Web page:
But what I am going to do is put this in context to explain some things I have been thinking about since this whole low carb saga has happened again. I say again because with nutrition it’s very cyclical seems like on a 5-10 year rotation nutrition bandwagon jumpers start blaming either fats, carbs or sugars for weight gain. In the 80’s low carb diets were popular too in the form of the Atkins diet, then we had the Ornish diet, which is now basically modernised into the raw food movement or even the vegan diet.

 Anyway I digress…

 The first thing I want everyone to realise that although we keep blaming one type of macronutrient according to the season we don’t eat single nutrients in isolation, we eat food. Food is a combination of proteins, fats and carbs, all of which have a function in the body, whether we want to believe it or not.

 Now to me it seems a little silly that when I see taglines “Bring back the fat” and accusations that the Australian Guidelines for Healthy Eating are making people fatter because they recommend eating grains and dairy. There is no concrete definition of how much fat are we meant to be bringing in. AND another point how can we say the guidelines are wrong when A. we know most of the population doesn’t follow them (Last nutrition survey revealed a majority of the population doesn't eat enough veggies or fruit) and B. There are so many other factors, which make people fat!

There is a general census what constitutes a low carb diet and it’s anything that falls below 100g per day. This is not the same as a ketogenic diets, which is less than 50g of carbs per day. – Leave keto diets for another blog post.

 Now as I said in my video not everyone needs to go extremely low carb to lose weight, nor do they have to go low carb to have good health. I am and all my clients are a classic example of this. I think this is especially a case in point with those with diabetes particularly on insulin. Low carb could result in hypoglycemia and ketosis breakdown of muscle tissue.

OK that’s not to say that they don't work.

Case in point Christine Cronau, who has clearly lost weight from “bringing back the fat”. What’s really interesting in low carb diet studies is that obese people show really good results on low carb diets, this is mainly due to the satiety factor of eating so much protein and fat. From what I can gather this is Chritsine’s main argument. From feeling fuller she was able to eat less in general, then she was able to lose weight.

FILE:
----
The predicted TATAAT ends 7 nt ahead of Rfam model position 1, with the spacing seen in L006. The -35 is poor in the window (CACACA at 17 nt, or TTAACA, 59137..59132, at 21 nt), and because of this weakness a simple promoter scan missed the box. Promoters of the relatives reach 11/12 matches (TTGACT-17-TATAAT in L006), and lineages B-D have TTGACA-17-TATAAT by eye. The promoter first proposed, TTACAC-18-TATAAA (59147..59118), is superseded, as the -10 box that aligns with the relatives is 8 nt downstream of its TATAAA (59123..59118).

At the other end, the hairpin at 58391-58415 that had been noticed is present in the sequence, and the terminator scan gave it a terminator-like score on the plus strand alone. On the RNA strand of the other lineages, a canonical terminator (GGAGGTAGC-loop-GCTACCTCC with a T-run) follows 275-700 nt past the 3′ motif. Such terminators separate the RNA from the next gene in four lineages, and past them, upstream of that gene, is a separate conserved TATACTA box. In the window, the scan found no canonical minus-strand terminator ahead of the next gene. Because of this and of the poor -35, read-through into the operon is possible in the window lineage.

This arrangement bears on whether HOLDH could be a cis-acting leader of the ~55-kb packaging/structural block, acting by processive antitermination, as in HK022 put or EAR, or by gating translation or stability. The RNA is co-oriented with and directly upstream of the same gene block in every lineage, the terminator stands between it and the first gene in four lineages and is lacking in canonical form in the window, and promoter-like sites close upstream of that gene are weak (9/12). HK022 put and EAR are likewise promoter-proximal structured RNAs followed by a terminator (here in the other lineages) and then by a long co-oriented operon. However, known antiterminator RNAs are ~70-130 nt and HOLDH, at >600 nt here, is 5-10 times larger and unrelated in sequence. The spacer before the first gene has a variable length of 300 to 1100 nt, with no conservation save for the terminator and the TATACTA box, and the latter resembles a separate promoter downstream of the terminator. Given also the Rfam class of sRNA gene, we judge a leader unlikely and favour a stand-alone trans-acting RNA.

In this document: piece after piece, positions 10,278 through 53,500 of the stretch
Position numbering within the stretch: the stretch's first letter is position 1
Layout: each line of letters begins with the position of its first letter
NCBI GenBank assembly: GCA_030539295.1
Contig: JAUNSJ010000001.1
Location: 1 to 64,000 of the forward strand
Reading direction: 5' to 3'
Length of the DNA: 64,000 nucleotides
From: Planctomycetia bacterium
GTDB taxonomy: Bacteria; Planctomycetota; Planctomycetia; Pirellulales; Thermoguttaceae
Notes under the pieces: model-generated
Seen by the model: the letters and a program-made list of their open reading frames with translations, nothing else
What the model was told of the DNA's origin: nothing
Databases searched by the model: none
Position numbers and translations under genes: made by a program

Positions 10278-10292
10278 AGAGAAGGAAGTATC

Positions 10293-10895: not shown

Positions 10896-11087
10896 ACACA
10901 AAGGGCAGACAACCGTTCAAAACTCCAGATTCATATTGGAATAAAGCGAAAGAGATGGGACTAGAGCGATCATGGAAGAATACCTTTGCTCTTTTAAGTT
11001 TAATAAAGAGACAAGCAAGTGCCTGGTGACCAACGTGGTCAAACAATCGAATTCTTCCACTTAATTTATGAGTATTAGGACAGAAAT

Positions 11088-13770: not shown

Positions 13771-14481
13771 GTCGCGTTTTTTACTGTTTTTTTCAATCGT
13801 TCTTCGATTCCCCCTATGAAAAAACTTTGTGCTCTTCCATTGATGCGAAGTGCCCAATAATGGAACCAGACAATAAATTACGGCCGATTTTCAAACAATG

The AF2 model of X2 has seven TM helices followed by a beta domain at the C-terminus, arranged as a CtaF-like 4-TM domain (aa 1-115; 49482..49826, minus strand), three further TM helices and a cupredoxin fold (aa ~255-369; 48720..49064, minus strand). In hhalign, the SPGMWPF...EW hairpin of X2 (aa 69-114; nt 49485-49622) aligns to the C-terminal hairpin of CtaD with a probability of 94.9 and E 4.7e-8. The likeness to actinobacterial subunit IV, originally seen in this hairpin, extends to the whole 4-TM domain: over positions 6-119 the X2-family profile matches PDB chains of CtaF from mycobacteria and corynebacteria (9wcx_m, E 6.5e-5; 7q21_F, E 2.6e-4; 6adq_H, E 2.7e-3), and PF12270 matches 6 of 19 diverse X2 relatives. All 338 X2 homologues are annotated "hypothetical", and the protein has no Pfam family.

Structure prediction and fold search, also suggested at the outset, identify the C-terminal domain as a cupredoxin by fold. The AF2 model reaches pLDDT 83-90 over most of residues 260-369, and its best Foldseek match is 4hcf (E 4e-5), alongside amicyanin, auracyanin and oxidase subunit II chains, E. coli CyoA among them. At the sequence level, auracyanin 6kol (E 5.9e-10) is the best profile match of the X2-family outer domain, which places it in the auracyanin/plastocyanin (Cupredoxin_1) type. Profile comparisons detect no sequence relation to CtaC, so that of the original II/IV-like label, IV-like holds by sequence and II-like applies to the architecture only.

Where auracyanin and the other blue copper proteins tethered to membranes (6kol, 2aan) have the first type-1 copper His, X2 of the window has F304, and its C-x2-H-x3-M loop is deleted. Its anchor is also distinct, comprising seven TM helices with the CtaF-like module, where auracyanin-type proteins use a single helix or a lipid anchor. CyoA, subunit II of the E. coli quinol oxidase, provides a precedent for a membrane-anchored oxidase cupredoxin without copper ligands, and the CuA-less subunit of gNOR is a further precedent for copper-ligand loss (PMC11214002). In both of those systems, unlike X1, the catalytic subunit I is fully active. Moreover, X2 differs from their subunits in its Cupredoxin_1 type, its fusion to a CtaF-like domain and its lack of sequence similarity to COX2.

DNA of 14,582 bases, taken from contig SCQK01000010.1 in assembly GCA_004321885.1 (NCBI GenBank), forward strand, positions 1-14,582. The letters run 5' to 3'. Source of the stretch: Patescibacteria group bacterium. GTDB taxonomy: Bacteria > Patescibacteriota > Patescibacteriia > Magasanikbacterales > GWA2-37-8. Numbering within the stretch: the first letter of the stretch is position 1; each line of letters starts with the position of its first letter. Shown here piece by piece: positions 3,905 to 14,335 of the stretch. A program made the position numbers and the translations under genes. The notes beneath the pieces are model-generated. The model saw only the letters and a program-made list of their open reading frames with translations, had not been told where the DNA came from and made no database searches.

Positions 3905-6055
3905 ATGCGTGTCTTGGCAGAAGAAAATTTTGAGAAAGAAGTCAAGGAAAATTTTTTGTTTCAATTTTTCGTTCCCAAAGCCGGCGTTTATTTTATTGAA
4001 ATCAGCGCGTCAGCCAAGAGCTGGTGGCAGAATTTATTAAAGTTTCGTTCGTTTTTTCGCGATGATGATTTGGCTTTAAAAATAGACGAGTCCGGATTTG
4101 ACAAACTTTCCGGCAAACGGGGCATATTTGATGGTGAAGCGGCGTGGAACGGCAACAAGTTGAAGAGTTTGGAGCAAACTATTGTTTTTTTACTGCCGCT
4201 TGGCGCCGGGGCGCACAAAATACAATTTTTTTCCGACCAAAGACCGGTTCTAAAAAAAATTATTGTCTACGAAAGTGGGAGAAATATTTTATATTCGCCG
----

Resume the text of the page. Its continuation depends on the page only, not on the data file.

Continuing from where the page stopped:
No doubt low carb diets can work for SOME people, but not for ALL people. I have also seen people who have gained weight by doing this. Nutrition is far more complicated than just cutting out carbs.

As a public health message I don’t think the low carb message is useful either. It would be actually dangerous because it is open to interpretation to an uneducated public. Worse still I think we could get ourselves into the same mess as we did with the “low fat” message.

In the past commercial food companies cottoned on that “low fat” had a health halo and people interpreted that as a free for all. Because something is low fat, it’s automatically healthy and therefore I can eat as much as I want. Getting rid of fat out of your diet to eat more refined carbs is a recipe for disaster.

This is exactly what we are currently seeing with the “bring back the fat” movement people are snacking on sticks of butter, cream, red meat and cheese. There are plenty of research papers to show the health risk to doing this.

Again I will reiterate, not everyone will see these health risks and that’s because of genetic variability. Some people are highly susceptible to rises in cholesterol others are not. This is exactly what happens when you have a chronic smoker who is healthy. Yes they do exist! Just because you smoke doesn’t mean you will get lung cancer. Your risk is higher, but it you have good genetics you may not get it.

What we really need, and what we already have is public health messages that sit nicely in the middle. A little bit of everything.

The next part of this argument which really has me interested is the research done in sports for endurance athletes. It’s becoming common practice to cycle athletes on to high fat low carb diets for 1-2 days during a training cycle to improve their fat oxidation.

Basically it helps them adapt to be better fat burners so they don’t have to reply on carbs to fuel their races. What they are trying to do is gain metabolic flexibility. It’s really interesting to note that some people are better fat or carb burners than others. There was one study I read that actually found that a majority of obese people are carb burners, hence they feel hungry all the time. So it makes sense if you restrict carbs, hunger disappears.

 Anyway what happens if you go low carb all the time, you actually down regulate your carb burning metabolic processes. Basically you become a subpar carb burner, which can be pretty crappy. Of course vice a versa occurs if you eat too many carbs you become crappy at burning fats. Either is not helpful.

When you reintroduce what every macro you have been avoiding (fats or carbs) your body is very poor at handling them and the result would likely be weight gain. The key is to be metabolically flexible on both ends. Good at burning fats and carbs.

So to sum up, I can see the potential to go low carb for a short duration of time, maybe a period of weight loss 1 week or two to create better metabolic flexibility. But I certainly wouldn’t stay low carb forever. As for the “bring back the fat” movement I really do see it as a fad that will blow over. One can’t possibly advocate that eating block or cheese or butter in a one meal regime can be possible good for you psychologically, your digestive health or social interaction.

 Food is part of culture, a huge part in how people socialise, tradition, enjoyment, when you take that away what are you really doing?

Weight loss is all well and good, but if you whole life boils down to your body weight, well I think there are some serious issues there.